Cain, a former businessman, has been surging in the polls as he seeks the GOP presidential nomination. And his core conservative supporters are so suspicious of the "mainstream media"--which many consider eager to damage candidates of the right--that the ongoing media pile-on might actually create sympathy for Cain within the GOP electorate.
At the same time, continued changes in his story might make him appear to be a dissembler and raise the prospect that he is just another politician who will say what it takes to survive. This would run counter to his image as a straight-talking Washington outsider and could badly hurt his presidential bid.
After refusing to address the controversy initially, Cain has now admitted that he was accused of sexual harassment in the 1990s when he was head of the National Restaurant Association. He has strongly denied the allegations.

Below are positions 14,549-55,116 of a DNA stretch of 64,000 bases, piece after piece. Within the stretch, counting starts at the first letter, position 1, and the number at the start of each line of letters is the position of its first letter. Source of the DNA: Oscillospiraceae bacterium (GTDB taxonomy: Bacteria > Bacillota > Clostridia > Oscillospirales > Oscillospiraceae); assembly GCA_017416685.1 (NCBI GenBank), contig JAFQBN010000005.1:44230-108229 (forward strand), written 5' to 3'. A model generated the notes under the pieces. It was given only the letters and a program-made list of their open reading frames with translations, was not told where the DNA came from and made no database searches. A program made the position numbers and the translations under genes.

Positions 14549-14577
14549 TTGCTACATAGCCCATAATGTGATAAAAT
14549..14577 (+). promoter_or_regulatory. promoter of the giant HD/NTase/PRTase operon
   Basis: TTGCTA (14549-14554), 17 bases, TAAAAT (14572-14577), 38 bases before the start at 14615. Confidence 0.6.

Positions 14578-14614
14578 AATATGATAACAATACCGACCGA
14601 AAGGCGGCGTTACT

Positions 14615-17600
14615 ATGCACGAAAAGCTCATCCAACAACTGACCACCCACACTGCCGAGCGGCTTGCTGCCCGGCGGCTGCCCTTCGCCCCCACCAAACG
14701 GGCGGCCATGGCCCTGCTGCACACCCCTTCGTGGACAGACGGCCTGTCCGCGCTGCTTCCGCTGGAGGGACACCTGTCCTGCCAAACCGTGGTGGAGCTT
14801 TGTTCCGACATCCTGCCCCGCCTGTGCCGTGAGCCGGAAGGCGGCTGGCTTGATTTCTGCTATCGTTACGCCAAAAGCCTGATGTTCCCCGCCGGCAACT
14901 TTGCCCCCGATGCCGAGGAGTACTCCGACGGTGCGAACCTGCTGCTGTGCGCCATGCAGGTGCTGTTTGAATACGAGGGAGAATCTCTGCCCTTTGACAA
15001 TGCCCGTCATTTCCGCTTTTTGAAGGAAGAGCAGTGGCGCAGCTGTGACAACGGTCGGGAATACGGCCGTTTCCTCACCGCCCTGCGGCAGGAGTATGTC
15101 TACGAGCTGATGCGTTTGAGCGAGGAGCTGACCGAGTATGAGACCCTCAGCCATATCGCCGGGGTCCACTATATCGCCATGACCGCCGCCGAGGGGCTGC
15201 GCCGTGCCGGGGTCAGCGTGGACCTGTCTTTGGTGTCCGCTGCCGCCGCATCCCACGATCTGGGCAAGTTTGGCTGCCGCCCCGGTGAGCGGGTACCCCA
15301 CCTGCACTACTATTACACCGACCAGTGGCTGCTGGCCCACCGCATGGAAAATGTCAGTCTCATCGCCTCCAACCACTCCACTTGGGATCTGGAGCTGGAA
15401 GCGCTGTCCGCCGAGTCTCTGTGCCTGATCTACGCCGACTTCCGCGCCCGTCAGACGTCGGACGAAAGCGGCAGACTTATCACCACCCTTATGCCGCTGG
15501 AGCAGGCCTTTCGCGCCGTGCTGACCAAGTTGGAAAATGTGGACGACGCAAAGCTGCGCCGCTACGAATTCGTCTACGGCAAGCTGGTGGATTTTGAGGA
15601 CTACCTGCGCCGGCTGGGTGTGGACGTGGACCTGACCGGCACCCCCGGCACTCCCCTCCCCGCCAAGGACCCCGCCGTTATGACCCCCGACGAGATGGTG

The charges were first made in Politico Sunday night, and since then the media have given extensive coverage to the controversy.
Another rising concern among GOP strategists is whether Cain and his staff are experienced and savvy enough to cope with the inevitable pressures and crises of a national campaign. Several strategists pointed out that Cain and his senior advisers should have anticipated the firestorm that started after Politicopublished its story Sunday night, since the publication had contacted them about the allegations much earlier.
Among Cain's inconsistencies was his comment at the National Press Club in Washington yesterday that, "I am unaware of any sort of settlement" involving those who made the sexual-harassment allegations, which he labeled a "witch hunt." But later in the day, he told Greta Van Susteran of Fox News Channel that "There was some sort of settlement or termination."